February 16, 2018

Enough. It's time to do something about gun violence. Visit Everytown for Gun Safety (everytown.org) to learn how. End the slaughter and be good and grow. Jack

New Plant Profile

Irish yew The English yew (Taxus baccata) is an Old World species that has been in cultivation for over a thousand years. Hundreds of cultivars of this handsome evergreen are available in a range of shapes and sizes. The yew is traditionally symbolic of: The Tree of Life, Immortality, Rebirth, Protection, Longevity, Change, Divinity, Strength and also are wonderful plants to use in the landscape so you might want to plant one in your USDA Zone 7 - 8 yard. Read more »

More Yews

Japanese yew The Japanese yew (Taxus cuspidata) is a close relative of the above English yew and together they are the parent species of the familiar group of landscape evergreens Taxus x media. Read profile » about these yews you can use in your USDA Zones 5-7 landscape.

Florida yew Florida yew, (Taxus floridana), is one of the rarest trees in the world and is listed as an Endangered Species by state and federal agencies. Florida yew occurs only in forested bluffs and ravines scattered along a 15-mile reach on the east side of the Apalachicola River in Florida's panhandle (USDA Zone 8). Read more »

The Cherries

purple sand cherry Purple sand cherry (Prunus x cistena) is a woody shrub or small tree with reddish-purple foliage that is often planted in home landscapes. In spring fragrant pink flowers are produced at the same time the leaves appear. Purple sand cherry is popular for use in home landscapes in USDA Zones 3-8 in foundation plantings, mixed hedges and specimens.

Yoshino cherry blossom Some of the showiest spring-blooming ornamental shrubs and trees are Prunus species. One of the most famous is the Yoshino cherry (Prunus x yedoensis) that is widely planted, including Washington, D.C. which is famous for the springtime spectacle created by this and other flowering cherry species.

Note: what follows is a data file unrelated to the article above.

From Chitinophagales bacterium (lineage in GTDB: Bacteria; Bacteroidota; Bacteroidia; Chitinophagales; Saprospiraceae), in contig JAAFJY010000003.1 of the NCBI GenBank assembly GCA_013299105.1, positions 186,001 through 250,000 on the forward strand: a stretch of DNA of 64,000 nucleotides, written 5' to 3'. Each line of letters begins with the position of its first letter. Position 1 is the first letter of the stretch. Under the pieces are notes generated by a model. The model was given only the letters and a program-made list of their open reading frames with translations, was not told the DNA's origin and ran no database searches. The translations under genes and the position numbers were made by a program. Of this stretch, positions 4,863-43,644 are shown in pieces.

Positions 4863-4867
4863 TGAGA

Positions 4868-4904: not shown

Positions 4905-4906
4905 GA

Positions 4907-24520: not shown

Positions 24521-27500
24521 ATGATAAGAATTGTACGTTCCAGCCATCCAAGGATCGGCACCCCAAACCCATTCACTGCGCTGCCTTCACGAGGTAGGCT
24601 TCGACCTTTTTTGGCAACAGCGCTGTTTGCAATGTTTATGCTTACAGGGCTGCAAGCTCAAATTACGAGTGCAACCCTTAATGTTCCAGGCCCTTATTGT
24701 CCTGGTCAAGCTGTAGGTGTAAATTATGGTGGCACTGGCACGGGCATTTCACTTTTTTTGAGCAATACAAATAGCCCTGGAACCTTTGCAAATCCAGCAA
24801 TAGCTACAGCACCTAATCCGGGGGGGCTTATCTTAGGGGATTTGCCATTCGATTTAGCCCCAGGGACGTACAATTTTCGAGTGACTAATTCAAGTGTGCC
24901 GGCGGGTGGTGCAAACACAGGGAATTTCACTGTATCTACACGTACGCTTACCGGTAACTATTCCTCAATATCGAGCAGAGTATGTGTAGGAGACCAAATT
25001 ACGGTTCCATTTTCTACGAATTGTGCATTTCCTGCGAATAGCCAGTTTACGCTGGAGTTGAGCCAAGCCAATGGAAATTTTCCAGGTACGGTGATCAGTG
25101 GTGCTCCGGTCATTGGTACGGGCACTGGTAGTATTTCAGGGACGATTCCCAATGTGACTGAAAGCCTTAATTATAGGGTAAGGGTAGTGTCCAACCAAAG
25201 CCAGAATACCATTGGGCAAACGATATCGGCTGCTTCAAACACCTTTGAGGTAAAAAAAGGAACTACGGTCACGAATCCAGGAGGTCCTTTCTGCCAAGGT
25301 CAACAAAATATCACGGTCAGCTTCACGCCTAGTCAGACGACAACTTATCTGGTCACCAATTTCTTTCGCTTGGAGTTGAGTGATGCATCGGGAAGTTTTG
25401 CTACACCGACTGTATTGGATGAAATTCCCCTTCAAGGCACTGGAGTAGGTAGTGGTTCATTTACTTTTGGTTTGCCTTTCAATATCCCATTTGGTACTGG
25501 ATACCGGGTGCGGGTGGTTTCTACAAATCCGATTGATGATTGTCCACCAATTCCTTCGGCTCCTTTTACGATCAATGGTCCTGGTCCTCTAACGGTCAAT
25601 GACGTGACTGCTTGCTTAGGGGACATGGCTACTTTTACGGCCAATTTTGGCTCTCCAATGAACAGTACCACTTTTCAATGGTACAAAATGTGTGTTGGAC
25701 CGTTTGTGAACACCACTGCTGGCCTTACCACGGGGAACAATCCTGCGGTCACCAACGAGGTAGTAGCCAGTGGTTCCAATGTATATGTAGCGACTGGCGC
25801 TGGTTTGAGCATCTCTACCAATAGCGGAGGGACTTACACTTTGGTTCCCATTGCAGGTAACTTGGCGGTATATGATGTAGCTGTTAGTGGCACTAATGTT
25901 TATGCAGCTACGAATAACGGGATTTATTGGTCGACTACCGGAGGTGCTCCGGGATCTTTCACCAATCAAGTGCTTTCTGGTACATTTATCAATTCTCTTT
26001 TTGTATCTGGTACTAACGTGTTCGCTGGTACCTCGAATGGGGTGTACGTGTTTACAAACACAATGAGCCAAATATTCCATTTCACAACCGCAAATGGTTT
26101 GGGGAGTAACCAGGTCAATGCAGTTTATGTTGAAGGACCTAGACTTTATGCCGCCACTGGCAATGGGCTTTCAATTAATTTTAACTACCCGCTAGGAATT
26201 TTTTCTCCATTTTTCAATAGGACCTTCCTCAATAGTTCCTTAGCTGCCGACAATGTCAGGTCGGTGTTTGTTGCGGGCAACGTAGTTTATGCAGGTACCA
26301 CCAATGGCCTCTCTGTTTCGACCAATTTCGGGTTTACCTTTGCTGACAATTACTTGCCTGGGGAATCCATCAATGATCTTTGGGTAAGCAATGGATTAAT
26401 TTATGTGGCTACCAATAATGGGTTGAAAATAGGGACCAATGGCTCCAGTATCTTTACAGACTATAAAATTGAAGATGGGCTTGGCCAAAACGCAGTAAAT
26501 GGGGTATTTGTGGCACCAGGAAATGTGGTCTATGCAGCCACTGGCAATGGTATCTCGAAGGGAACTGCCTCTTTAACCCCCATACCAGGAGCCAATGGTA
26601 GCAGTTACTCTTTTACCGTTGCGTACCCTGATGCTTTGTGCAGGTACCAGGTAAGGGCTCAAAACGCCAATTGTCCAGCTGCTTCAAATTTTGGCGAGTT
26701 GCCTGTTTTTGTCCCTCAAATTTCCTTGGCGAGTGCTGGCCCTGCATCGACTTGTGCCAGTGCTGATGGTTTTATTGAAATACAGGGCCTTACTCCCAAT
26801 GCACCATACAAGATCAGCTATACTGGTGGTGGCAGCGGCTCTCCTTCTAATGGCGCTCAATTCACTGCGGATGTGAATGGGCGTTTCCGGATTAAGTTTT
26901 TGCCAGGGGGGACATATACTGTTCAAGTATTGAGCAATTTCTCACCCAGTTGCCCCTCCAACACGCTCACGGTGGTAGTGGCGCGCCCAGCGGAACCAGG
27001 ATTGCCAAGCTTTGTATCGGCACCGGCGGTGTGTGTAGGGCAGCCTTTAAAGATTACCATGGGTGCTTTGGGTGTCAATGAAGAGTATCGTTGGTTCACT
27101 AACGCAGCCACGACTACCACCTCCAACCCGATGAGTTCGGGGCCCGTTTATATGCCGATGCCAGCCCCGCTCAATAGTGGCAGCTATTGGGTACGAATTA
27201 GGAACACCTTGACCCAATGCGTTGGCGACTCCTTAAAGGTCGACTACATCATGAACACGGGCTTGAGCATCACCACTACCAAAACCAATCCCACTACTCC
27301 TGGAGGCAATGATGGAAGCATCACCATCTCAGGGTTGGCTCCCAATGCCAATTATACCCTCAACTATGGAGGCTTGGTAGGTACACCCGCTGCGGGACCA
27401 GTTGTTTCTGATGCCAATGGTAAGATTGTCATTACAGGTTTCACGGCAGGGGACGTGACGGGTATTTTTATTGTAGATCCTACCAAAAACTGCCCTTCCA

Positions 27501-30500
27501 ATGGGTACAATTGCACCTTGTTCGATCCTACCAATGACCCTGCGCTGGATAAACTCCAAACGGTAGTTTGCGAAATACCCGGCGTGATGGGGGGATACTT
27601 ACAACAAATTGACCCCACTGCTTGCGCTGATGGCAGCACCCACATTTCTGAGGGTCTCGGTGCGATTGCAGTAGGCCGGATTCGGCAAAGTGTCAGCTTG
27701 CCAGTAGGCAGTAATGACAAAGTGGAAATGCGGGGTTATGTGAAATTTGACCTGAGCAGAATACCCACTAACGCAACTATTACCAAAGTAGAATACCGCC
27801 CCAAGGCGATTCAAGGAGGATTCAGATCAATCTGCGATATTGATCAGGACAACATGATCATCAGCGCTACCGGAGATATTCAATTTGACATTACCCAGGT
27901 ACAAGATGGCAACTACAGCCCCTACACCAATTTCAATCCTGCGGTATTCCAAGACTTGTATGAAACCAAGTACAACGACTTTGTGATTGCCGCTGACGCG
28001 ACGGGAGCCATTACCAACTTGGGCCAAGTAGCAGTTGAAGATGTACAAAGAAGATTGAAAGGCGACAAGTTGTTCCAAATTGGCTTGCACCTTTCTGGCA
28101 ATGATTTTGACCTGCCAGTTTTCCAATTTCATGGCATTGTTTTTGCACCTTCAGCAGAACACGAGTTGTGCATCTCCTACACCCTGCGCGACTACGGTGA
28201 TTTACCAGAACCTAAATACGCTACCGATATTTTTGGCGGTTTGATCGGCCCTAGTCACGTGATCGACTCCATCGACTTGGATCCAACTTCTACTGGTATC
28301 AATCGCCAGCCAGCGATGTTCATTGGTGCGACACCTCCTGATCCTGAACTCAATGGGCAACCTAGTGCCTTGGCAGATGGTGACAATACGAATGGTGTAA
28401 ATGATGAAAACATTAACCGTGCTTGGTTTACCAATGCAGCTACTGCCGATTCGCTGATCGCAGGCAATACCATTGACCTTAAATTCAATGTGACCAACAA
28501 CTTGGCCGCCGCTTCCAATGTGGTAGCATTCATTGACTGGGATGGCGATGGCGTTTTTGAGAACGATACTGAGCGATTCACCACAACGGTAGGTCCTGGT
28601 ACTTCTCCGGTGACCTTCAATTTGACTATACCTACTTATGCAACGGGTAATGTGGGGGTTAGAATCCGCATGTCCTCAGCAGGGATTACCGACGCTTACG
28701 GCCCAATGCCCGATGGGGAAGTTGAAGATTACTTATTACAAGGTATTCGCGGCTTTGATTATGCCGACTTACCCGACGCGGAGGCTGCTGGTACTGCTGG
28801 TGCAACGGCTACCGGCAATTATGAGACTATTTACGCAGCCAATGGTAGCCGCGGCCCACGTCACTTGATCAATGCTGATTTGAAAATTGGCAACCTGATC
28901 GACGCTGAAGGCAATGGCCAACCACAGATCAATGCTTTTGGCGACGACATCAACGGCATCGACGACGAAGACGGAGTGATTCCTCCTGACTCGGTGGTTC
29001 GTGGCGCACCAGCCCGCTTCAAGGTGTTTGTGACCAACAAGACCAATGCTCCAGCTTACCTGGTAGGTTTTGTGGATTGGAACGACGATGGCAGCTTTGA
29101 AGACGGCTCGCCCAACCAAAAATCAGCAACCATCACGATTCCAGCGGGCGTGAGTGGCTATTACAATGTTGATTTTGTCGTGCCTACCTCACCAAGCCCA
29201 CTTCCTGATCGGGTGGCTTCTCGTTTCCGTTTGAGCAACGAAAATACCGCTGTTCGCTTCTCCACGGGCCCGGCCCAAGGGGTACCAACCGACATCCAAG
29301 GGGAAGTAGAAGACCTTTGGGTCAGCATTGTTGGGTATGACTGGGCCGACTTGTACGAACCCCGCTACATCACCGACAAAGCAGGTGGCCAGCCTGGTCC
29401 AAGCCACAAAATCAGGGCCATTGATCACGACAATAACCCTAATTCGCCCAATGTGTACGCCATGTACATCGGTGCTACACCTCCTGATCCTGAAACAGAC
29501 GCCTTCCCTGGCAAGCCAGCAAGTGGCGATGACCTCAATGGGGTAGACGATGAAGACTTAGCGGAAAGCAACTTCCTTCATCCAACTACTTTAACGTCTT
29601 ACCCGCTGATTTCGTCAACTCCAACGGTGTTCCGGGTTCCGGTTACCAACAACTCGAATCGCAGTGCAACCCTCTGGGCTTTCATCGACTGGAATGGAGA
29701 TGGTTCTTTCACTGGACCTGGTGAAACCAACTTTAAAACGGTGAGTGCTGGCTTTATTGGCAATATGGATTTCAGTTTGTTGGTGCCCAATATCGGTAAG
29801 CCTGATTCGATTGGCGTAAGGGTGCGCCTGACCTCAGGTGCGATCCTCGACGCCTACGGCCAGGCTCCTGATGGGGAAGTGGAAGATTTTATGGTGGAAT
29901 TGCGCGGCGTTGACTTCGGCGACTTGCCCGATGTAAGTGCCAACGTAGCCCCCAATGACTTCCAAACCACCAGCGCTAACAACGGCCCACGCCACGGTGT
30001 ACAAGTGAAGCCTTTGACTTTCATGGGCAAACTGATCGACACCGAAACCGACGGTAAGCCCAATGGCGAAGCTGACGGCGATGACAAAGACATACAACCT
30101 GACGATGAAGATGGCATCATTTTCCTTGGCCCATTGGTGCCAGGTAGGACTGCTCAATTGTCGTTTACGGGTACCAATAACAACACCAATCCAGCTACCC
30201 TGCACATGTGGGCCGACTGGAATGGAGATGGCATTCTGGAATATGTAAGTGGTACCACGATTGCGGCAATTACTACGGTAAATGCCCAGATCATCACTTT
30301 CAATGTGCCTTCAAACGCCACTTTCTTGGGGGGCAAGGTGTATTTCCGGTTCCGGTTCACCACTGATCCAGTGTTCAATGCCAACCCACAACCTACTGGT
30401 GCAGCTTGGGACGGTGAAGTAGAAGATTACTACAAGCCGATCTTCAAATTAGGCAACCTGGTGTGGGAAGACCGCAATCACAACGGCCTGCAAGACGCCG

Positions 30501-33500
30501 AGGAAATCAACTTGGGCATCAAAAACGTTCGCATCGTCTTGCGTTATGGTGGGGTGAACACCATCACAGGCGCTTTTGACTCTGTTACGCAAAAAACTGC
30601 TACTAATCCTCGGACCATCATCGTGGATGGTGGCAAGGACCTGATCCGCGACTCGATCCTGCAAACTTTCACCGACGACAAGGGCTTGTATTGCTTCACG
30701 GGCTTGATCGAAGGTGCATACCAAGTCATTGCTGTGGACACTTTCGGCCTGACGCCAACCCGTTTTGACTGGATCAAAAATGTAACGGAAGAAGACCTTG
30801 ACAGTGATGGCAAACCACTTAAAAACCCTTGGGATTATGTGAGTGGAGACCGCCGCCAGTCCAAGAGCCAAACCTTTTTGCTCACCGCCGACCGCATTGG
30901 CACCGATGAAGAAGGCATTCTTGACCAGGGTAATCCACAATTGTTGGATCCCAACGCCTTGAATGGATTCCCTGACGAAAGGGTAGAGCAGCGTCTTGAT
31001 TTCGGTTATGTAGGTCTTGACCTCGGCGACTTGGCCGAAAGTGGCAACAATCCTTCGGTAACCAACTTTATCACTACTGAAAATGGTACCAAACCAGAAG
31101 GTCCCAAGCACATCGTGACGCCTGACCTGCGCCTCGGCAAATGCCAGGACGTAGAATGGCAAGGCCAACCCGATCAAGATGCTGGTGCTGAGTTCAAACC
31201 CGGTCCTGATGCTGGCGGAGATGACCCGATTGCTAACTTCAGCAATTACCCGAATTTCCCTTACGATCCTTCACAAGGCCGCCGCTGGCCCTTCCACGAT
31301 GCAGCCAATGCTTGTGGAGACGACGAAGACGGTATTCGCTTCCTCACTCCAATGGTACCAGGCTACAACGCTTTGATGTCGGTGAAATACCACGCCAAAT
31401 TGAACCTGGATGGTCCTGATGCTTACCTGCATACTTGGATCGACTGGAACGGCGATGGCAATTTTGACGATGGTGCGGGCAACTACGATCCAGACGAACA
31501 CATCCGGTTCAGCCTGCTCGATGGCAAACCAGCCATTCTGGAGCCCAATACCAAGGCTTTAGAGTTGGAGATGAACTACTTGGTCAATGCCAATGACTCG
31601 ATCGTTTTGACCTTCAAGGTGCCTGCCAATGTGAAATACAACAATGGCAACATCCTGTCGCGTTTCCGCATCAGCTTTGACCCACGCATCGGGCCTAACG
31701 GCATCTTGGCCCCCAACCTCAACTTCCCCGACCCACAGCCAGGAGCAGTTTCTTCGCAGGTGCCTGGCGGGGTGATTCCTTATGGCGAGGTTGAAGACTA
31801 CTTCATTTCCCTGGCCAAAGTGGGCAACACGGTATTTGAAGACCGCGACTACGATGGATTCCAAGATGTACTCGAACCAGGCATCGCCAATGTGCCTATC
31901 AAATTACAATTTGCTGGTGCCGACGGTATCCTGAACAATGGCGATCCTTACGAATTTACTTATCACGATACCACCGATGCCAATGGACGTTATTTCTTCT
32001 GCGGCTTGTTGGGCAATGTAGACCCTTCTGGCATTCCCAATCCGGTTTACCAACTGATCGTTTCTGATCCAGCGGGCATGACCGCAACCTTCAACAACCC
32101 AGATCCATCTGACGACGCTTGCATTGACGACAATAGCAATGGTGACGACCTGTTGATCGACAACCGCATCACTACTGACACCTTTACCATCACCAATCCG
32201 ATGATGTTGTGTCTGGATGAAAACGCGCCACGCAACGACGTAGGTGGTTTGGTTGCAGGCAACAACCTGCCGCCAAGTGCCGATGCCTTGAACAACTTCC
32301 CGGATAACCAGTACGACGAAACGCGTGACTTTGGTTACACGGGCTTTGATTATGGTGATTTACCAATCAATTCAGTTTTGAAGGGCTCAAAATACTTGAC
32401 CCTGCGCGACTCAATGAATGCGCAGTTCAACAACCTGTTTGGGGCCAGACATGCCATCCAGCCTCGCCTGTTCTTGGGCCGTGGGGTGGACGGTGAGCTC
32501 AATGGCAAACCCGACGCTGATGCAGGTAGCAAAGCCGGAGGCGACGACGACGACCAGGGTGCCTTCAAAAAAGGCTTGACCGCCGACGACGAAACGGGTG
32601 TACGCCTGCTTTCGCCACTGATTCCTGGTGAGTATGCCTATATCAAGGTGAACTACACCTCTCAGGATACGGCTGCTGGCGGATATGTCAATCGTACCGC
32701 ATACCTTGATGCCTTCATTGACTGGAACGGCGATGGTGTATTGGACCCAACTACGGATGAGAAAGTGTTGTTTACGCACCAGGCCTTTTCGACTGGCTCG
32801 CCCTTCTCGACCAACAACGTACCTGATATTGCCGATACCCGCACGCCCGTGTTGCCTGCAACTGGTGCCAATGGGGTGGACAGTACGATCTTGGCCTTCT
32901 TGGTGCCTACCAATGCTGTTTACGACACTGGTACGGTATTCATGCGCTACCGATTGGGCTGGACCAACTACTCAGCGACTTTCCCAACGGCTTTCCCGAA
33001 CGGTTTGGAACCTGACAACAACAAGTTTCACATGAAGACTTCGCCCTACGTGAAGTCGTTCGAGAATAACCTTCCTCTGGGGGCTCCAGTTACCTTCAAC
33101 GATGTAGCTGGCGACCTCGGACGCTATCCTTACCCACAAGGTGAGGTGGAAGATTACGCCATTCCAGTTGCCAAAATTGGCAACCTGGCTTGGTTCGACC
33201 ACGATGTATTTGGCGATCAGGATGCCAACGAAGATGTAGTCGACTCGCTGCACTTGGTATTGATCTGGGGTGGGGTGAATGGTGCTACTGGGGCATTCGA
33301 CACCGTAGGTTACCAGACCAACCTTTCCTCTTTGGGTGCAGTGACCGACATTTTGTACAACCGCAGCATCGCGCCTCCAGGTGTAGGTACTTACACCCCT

These Prunus species are American natives that also produce showy flowers at this time of year:

Attract Hummingbirds

nasturtium Nasturtium (Tropaeolum majus) is a very easy to grow annual that hummingbirds love and so will you! The large seeds are easy to handle and germinate quickly. The plants grow and bloom quickly. As a special bonus, the flowers and young leaves are edible! Here's a few favorite springtime hummingbird attractors (set the "Attracts Hummingbirds" Feature filter to see more in Master Plant List):

scarlet rose mallow How could any hummingbird resist the incredibly gorgeous flowers of the wild columbine Aquilegia canadensis)? It blooms in the early spring and is extremely easy to grow, in sun or partial shade. The dainty flowers are produced over a long spring and summer season and often more than once per year. Download a large version of this image for a closer look at this spring beauty.

For Wet Soils

scarlet rose mallow Even when it doesn't rain torrents every day, you may have places in your yard and garden that for one reason or another stays wet/moist most of the time. Many beautiful plants prefer to grow in wet soils so take advantage to grow beauties like the the scarlet hibiscus Hibiscus coccineus) and many other garden favorites that thrive under such conditions. More species that prefer moist soils:

Grow Time